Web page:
Refurbishing damaged health facilities after the conflict in Côte d’Ivoire
Approximately 200 000 people have been displaced within Côte d’Ivoire by the post-election fighting. The most recent figures indicate that 186 000 are in the western Montagnes and Moyen Cavally regions, 71 800 in central, north and east Côte d’Ivoire and 56 000 in Abidjan. The revised Emergency Humanitarian Action Plan sets a scenario of 5.7 million people at risk in the west and around Abidjan. Security varies from one area to the next but the most affected at the moment are the south-western Bas Sassandra region, where severe violence precludes humanitarian access, and Abidjan, where looting continues affecting health structures and injuries are reported daily in hospitals.
Serious risks to health in the west
WHO conducted a mission to Montagnes and Moyen Cavally to assess the effects of the conflict on the health network and the ensuing risks to public health. The assessment showed that 52% (55 out of 106) of the health centres and five of the eight hospitals were no longer functioning due to lack of staff (58% of gynaecologists and surgeons, 72% of doctors and 78% of midwifes were absent), looting and/or partial or total destruction. Half the district pharmacies have been looted, ambulances have disappeared and disease surveillance has been interrupted.
Approximately 30 000 IDPs are reported at the catholic mission in Duékoué where sanitation is inadequate and safe drinking water insufficient to cover their needs. Many more IDPs have found refuge in Guiglo and Danané or with host families. Living conditions have worsened, particularly for women, children, older people and persons living with HIV. An interagency assessment conducted in February revealed that more than half the water pumps in Montagnes and Moyen Cavally regions are out of order. The same assessment showed that up to 60% of the population had no access to latrines.
All those factors are putting the population at great risk of diarrhoeal diseases – including cholera – one of the main causes of morbidity in both regions together with malaria and acute respiratory diseases. Between 16 and 22 May, 16 suspected measles cases were diagnosed on IDP sites in Duékoué.
In order to re-establish access to health care for displaced and host populations in the west, WHO signed agreements with Save the Children, COOPI, the International Rescue Committee (IRC) and Caritas for the organization of mobile health services in and around Guiglo, Toulepleu, Bloléquin and Zouan Hounien.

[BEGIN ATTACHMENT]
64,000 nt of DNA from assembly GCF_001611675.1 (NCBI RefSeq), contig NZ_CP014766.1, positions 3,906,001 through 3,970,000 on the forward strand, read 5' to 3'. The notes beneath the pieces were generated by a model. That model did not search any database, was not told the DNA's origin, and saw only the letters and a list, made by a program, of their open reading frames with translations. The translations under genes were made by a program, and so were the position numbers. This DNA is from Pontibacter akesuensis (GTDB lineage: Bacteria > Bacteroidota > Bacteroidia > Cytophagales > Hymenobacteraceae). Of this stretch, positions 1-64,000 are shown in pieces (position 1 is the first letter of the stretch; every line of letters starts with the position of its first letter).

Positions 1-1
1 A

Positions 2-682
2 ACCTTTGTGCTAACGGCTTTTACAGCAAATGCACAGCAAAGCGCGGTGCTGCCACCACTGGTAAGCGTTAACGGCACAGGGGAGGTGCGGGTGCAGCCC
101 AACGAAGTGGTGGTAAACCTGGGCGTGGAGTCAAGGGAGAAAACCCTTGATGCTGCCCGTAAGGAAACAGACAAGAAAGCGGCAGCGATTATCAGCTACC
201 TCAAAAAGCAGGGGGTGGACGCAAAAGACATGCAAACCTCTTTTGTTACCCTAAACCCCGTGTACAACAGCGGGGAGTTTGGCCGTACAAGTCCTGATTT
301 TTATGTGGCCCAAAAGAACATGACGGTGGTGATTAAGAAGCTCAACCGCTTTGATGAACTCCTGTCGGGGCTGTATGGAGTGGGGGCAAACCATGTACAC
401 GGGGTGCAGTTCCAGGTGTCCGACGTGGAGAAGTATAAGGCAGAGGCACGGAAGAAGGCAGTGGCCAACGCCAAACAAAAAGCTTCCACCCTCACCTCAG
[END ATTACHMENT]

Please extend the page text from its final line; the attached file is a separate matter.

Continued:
WHO will provide medicines, medical supplies and cash to the NGOs who will conduct daily missions to specific locations and ensure the provision of primary health care. Up to 16 teams will deploy everyday to reach out to the greatest possible number of people. The arrangement is planned for a duration of three months, until national health authorities can resume routine services.
Since 2 May, a WHO epidemiologist deployed to Man has begun collecting data for the surveillance of selected epidemic-prone diseases: diarrhoea diseases (cholera), meningitis, measles, acute flaccid paralysis and hemorrhagic diseases ( yellow fever). The surveillance system also monitors cases of sexual violence. The epidemiologist will focus particularly on locations where high numbers of IDPs are gathered, such as Duékoué, Guiglo and Danané. The teams deployed by Save the Children, COOPI, IRC and Caritas also report to the surveillance system. The surveillance system is being expanded to Abidjan and Bouaké.
In Abidjan, most health facilities visited by WHO are functioning. However, two of the 11 health structures in Yopougon East have been destroyed while another two are occupied by armed groups. Insecurity also persists in Attécoubé Health District where health structures have been looted. The supply of medicines in facilities unsupported by humanitarian partners is difficult. Access to health care for patients living in the periphery of Abidjan is very limited due to insecurity. The central pharmacy has a limited supply of stocks.
WHO, Health Cluster partners and the Government will review the needs for the redeployment of national health staff and the rehabilitation of health equipment and facilities, and conduct a complete inventory of medicines available in the country.
WHO will provide logistics support, including communication and computer equipment to enhance Health Cluster coordination.
WHO has provided US$ 200 000 from its own resources to initiate the project. However, medical supplies available in the country office are insufficient to cover all the needs. More funds will be needed to purchase additional health kits. WHO will participate in a briefing meeting with donors organized by OCHA at the end of May.